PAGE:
Journal 2013 resolution: time to think differently about manufacturing


2013 resolution: time to think differently about manufacturing

28 December 2012

At the 2012 Summit in Cernobbio Mr. Romano Prodi, former Italian Prime Minister and President of the European Commission, has recently declared to the economic newspaper Il Sole 24 Ore (9 settembre 2012) his satisfaction for the renewed attention at European level to the industrial sector, and particularly to manufacturing.

I cannot agree more: we have been giving too much relevance to finance.  It's now time to talk about manufacturing, the true center of gravity of the European economy, and, to the surprise of many, of the Italian one.

Nowadays it is a priority to protect and revive our production systems.  Prodi was telling a story about AppleTim Cook  has had a recent conversation with the President of the United States.   When asked why Apple could not restore production in the United States, he responded to Obama that this wouldn't be possible anymore, and not due to cost issues, but because the supply chain is no longer there, and can't be transferred back.

This should make us think.  Just a few years ago, when I was working for IBM, major production was still carried out in two Italian plants, near Milan and near Rome.  Today, however, Asia seems to represent the largest manufacturing system in the world.  But this may not last forever, and Europe should be able to build a production system as flexible as the Asian one. It is like the game is starting over again, and we must be fully aware of our strengths and how we could play.

If someone asked me if manufacturing is still a crucial and irreplaceable factor for the growth of western economies, my answer would be "of course!", as it is based on the opportunity to create more jobs, and so redistributing income.

One of the reasons why, until now, it has made little sense to fully outsource the industrial production to the most competitive nations has been the "cost of distance", i.e., the additional burden coming from the logistics, compared to the target markets.  However, due to the growth of the economies of these so-called emerging countries, this argument is losing steam.

About the future of manufacturing in Europe, there are, in a nutshell, two opposite positions:

1) All the production would be destined to move to the Emerging Markets, due to the elimination of the cost of distance, the progressive removal of trade barriers, the low cost of labor, combined with the explosive growth of those markets;

2) the whole industrial production should be moved back to the Western Countries, precisely because the factors mentioned above would be subject to a profound change: in this hypothesis, the cost of distance wouldn't be irrelevant at all due to both the potential crisis that these emerging economies may have to deal with and to the size of Western economies. In addition, we could easily witness the rebirth of the same trade barriers, thanks to a growing protectionism.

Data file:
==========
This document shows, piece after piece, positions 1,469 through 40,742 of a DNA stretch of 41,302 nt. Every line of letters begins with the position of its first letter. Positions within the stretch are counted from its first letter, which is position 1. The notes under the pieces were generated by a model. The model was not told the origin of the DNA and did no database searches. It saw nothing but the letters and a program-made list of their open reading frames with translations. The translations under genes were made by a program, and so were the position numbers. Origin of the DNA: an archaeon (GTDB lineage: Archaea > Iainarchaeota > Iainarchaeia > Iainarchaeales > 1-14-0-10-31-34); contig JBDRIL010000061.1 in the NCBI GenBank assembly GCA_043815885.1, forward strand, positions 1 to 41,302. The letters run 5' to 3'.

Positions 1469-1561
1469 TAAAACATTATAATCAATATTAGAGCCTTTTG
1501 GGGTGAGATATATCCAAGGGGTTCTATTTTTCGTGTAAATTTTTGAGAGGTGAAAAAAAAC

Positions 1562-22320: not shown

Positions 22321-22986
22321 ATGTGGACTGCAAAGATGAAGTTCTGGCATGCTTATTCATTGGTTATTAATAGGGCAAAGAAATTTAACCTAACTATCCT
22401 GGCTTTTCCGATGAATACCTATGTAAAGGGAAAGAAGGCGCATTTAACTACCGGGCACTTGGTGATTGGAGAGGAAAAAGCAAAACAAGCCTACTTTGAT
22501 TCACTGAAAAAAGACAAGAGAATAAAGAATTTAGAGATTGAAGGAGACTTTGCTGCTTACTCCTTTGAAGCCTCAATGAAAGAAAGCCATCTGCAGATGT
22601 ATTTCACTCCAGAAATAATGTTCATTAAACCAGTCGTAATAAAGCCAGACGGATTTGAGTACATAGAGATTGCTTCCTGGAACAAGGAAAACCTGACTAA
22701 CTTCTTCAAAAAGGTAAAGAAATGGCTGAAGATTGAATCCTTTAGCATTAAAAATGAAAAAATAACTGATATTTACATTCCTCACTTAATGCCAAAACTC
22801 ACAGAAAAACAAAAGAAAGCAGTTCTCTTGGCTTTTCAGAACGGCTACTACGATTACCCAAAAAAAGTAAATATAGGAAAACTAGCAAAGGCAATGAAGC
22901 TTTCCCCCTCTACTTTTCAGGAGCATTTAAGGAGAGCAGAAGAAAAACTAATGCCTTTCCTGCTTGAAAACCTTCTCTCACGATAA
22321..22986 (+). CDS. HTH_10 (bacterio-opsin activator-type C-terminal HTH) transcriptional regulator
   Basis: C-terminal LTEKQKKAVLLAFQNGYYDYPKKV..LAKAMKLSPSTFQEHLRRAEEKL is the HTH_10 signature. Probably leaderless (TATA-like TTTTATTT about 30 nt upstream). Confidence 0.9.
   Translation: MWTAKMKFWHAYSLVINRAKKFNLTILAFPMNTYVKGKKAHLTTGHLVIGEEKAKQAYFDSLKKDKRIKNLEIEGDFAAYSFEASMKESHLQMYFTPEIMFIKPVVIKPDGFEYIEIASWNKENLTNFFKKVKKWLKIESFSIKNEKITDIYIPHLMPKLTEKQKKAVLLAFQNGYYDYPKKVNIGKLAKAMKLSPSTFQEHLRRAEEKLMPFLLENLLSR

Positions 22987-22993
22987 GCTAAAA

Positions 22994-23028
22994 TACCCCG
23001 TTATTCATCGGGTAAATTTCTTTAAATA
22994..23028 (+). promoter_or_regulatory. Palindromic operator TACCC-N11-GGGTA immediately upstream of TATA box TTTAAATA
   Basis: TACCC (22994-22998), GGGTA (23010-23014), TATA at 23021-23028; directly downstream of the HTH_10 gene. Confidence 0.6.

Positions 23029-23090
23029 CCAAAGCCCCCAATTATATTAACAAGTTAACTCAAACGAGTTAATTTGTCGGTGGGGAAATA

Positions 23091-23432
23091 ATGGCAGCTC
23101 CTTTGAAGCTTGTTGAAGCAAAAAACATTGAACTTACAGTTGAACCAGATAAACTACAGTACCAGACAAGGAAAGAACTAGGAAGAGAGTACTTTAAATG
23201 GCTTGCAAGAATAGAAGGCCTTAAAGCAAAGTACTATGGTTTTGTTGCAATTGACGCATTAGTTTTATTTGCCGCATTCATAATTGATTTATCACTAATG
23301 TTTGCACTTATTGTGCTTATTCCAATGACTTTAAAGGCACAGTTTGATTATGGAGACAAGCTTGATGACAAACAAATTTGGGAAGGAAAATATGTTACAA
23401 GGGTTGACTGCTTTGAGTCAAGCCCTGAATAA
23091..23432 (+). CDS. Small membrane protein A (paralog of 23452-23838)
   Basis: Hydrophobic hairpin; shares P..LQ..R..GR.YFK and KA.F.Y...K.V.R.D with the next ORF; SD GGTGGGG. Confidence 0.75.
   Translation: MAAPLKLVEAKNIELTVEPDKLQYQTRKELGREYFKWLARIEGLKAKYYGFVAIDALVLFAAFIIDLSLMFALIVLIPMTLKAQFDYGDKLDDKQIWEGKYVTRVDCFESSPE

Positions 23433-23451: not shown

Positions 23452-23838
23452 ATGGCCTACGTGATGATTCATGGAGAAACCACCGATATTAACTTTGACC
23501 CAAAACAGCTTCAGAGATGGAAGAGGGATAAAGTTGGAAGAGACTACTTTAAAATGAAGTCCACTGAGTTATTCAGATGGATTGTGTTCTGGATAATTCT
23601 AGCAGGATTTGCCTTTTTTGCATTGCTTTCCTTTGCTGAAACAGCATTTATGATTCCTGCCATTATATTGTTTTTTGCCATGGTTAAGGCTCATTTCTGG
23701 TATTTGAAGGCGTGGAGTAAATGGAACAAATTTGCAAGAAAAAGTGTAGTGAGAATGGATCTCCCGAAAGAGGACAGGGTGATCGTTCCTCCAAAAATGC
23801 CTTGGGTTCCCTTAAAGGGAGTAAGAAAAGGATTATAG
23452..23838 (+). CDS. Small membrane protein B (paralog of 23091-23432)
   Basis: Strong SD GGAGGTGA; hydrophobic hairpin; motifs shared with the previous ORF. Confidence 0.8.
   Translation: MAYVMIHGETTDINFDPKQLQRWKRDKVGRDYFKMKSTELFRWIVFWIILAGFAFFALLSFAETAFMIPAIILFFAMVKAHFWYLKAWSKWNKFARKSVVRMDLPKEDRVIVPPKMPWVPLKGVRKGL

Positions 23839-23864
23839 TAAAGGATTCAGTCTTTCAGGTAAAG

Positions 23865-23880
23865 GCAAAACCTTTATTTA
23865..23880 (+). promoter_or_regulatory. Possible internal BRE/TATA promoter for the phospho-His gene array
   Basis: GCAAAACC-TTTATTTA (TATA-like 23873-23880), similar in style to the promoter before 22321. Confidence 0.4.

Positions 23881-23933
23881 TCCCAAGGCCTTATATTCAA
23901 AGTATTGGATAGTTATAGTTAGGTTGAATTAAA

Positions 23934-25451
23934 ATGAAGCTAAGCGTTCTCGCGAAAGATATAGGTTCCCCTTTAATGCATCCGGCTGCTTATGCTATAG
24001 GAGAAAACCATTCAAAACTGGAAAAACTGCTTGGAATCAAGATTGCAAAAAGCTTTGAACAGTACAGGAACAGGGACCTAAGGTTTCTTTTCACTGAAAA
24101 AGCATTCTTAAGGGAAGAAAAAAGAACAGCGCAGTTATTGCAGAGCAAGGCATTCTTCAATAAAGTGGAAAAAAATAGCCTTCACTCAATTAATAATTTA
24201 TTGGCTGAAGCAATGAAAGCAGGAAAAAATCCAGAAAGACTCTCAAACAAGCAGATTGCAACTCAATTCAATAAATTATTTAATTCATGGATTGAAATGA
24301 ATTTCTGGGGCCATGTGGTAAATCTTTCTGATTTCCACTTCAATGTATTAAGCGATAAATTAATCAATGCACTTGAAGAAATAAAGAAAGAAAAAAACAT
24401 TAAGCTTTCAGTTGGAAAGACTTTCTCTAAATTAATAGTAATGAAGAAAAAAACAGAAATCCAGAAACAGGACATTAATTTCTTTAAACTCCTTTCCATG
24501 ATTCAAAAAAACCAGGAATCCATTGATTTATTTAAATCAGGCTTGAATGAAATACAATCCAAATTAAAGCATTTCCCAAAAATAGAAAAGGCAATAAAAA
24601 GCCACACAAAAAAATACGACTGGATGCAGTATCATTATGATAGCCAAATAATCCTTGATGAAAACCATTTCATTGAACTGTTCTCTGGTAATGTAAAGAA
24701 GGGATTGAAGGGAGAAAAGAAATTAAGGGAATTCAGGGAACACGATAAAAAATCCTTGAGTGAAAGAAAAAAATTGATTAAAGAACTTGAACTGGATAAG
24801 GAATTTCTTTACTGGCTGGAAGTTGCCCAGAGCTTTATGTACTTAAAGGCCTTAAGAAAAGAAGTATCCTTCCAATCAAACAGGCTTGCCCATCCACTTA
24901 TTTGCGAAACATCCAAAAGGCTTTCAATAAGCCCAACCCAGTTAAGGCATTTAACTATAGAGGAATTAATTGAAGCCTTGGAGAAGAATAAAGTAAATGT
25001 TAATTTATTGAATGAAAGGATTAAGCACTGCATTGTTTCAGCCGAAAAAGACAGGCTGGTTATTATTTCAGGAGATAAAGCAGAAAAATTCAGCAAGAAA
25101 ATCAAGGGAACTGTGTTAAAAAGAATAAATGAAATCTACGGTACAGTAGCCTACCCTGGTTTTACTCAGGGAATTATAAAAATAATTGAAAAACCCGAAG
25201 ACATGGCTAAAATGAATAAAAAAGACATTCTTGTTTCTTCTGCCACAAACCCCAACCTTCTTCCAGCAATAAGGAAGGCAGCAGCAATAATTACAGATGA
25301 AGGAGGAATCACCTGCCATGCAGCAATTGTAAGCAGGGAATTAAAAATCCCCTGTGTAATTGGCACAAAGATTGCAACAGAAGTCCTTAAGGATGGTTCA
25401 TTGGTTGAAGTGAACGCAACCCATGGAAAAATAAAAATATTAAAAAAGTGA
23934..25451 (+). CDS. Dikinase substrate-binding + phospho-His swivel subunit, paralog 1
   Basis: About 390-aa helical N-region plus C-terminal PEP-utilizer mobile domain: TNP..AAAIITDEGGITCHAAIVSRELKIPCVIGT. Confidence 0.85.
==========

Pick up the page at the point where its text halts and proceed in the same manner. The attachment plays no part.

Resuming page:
As usual, the most likely scenario will be the synthesis between these two positions: what is likely to be expected, thanks to the markets' globalization, is a substantially balanced cost of distance, while the the production costs will remain the decisive factor.  It is true that they are significantly growing in the emerging markets, however, Europe, and especially Italy, must do much more from this point of view, if they want to guarantee this future source of employment and social welfare.

How to reduce production costs, then?  Reducing the incidence of labor costs, without necessarily having to reduce wages, but instead by increasing productivity through increased automation, improved capacity utilization, and finally the renegotiation of labor contracts.

Unfortunately, this has been a hard adjustment that the United States and Germany have adopted in a timely fashion, and that Italy has not yet been fully able to adopt.  As an example, the value added per worker in Italy amounts to 72.438$, well below the US at 128.850$, but also below Japan, France, UK, and Germany.  Or one may consider the loss of competitiveness over the past fifteen years, with manufacturing unit costs increased by 30% in Italy vs flat in Germany during the same period.

Even the example of Apple should make us think: it looks like only a fraction of the value of their products is generated out of China (about 15%, in contrast to what one might imagine) or Japan, while the vast majority remains in the U.S., where they have maintained research, design, marketing, etc.  It is an example of how the outsourcing of manufacturing could be made while managing to retain much of the value in the Company's home country, thanks to productivity and innovation.

I agree with Mr. Prodi: manufacturing is a challenge that we can not lose.  Either the industrial sector moves forward or it is going to die.  However, it will take European industrial policies, research, innovation, quality of manual labor.  We need a policy that encourages the use of new technologies, as well as innovation impacting both the business processes and the products. It takes the information highways. We need, above all, a constructive attitude that favors the development of the enterprises, as it was during the years of the economic boom, and not the passive resignation that we breathe too often.

In essence, we must learn how to share best practices, innovation, and research. And not only at the Italian level, but throughout Europe.

Maybe we need more Europe, and not less Europe.  This is often preached while talking about spreads and finance... doesn't it apply, and perhaps even more, for the comeback of the manufacturing industry?

And we hope that this may also become a central theme of the upcoming Italian electoral campaign...


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